After months of negotiations, Sony has formalized an agreement with four studio partners on its Internet-based movie-on-demand service.
Sony, Warner Bros., Universal, Paramount and MGM will be equal equity partners in the new joint venture, currently known as MovieFly but which has yet to be officially named. Service will launch early next year.
The studios participating in the deal are committed to the venture for five years at a “substantial investment” from each — some said it was in the tens of millions of dollars — that will cover Sony’s research and development costs thus far as well as future operating costs.
The group is seeking a CEO for the venture, who will then lay out launch details.
Although the service will be similar to an online videostore or an Amazon.com service in terms of a home page with searches by title, stars, director or writer, for example, each studio will set pricing for its movies.
The venture will pay a license fee to suppliers for each film, as does any distributor. It’s not clear what those license fees will be or how they compare with deals the studios have with other services. Nor is it clear how additional suppliers would be integrated into the service.
Sony said the new fee-based offering will allow users with relatively basic PC setups to download movies from a Web site in 20 to 40 minutes, although some slower connections could mean download times of more than an hour.
Although each movie downloaded would be available for playback for up to 30 days, it will only be viewable for 24 hours after the initial viewing.
Most of the studios participating in the MovieFly service said their business plan and strategy will be to release all new movies to the service in the current window for pay-per-view and video-on-demand movies after homevideo, and to supplement those with select catalog titles.
“We’re all very vested in the existing distribution windows and relationships we have,” Sony Pictures Digital Entertainment prexy Yair Landau said. “We’re not launching to undermine any of that. We want to protect and sustain but also be in a position to recognize and address changes. This gives us a vehicle to respond to changes.”
While other smaller Web ventures charge to distrib films online to Netizens, including Lions Gate’s CinemaNow.com, SightSound.com and MovieFlix.com, the MovieFly announcement is the first time that multiple studios have teamed up on a movie distribution service since pay cable network Premiere was shut down in the early 1980s by the U.S. Justice Dept. over antitrust concerns.
The new venture’s partners, several of which participated in Premiere, have been careful this time to make it clear that each of them will contribute movies to the venture’s service on a non-exclusive basis. Also, the service will be protected from hackers and will welcome additional content suppliers.
“This announcement confirms that film producers are eager for the Internet to enlarge and flourish,” said Jack Valenti, president-CEO of the Motion Picture Assn. of America. “For the first time in a very near future, a broad selection of motion pictures will be available online, protected by encryption and delivered directly to consumers at a reasonable price. Great news.”
Most of the studios already have varying content deals with other video-on-demand services, although some, like MGM, are letting most of those existing deals lapse while negotiating new ones for cable, satellite and Internet services.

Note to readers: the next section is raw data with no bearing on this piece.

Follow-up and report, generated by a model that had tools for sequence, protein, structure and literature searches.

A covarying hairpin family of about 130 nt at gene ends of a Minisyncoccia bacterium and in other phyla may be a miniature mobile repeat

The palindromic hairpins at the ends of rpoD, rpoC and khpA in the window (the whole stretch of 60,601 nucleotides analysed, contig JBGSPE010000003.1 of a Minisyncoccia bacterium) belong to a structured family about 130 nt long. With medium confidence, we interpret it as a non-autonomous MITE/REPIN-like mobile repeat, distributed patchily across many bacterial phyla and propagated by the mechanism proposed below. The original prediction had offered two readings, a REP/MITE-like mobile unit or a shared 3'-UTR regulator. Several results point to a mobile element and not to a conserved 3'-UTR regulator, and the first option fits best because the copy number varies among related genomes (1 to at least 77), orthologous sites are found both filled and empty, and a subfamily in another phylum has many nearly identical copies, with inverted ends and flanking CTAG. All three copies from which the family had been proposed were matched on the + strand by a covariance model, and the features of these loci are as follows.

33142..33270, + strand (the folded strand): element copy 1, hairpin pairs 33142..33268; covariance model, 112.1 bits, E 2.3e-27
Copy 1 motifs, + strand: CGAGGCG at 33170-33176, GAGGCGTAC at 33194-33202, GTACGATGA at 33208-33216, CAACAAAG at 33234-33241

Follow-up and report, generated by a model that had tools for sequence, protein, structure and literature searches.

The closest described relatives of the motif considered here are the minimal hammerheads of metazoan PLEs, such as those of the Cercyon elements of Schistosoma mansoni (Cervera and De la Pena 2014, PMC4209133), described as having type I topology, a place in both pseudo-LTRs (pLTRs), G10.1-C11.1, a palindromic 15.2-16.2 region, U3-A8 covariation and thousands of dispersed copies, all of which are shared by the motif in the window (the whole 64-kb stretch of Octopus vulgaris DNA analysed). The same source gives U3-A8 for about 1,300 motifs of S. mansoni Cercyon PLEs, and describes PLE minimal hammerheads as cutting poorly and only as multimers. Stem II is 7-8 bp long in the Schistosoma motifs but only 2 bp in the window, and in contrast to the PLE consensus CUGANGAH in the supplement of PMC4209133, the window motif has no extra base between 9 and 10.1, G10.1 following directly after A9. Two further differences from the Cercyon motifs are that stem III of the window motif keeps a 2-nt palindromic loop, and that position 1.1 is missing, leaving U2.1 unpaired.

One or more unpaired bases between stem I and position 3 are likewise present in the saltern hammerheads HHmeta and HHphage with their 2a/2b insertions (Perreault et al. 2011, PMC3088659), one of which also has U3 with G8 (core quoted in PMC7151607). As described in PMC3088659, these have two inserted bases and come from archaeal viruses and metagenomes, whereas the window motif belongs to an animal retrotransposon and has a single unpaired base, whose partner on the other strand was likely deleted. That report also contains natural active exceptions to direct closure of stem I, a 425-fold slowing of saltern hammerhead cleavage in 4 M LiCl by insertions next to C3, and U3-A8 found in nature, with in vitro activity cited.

“We believe it is in compliance with all applicable regulations,” said Warren Lieberfarb, who oversees Warner’s VOD ventures as president of Warner Home Video.
A spokesman for the cable industry’s iNDemand pay-per-view service, which recently signed its first studio video-on-demand licensing deal with Universal Studios, said the company “has no interest in streaming movies over the Internet. Cable VOD will enable (studios) to sell their movies right now, not several years from now when technology will make streaming more practical.”
Although none of the studio partners is precluded from starting its own VOD service, one executive said it’s unlikely any of the partners will launch a competing venture.
Disney and Fox have been talking for months about starting their own VOD services.
Universal Studios president and chief operating officer Ron Meyer said, “In addition to the experience of going to the theater or the local videostore, this service will provide an exciting and secure new medium for movie viewers to enjoy our films at home.”
Eye toward future
Although high-speed Internet access is increasing through cable modems, satellite and high-speed telephone digital subscriber lines, the venture partners realize that the number of homes with broadband access is relatively small and profitability is years away. But they are positioning themselves for the future.
“Our long-term goal is to make movies available on a pay basis on the Internet, whatever form the Internet ends up taking, and to create an additional marketplace,” Landau said.
The studios also may use the service to drive merchandise sales or link to other related businesses.
MGM Home Entertainment Group prexy David Bishop said the service will allow them to do “one-on-one marketing with consumers, as does Amazon.com.” He added that it has yet to be determined whether MGM will begin selling merchandise such as videos directly to the consumer.
Jack Waterman, president of worldwide pay television for the Paramount TV Group, said the parent company became convinced during the process that a collective service involving multiple studios was the best strategy.
“It’s great to get five studios on the same sheet of paper, promoting movies in the same fashion, ensuring protection against piracy,” he said. “We would never have that combined strength going our own way.”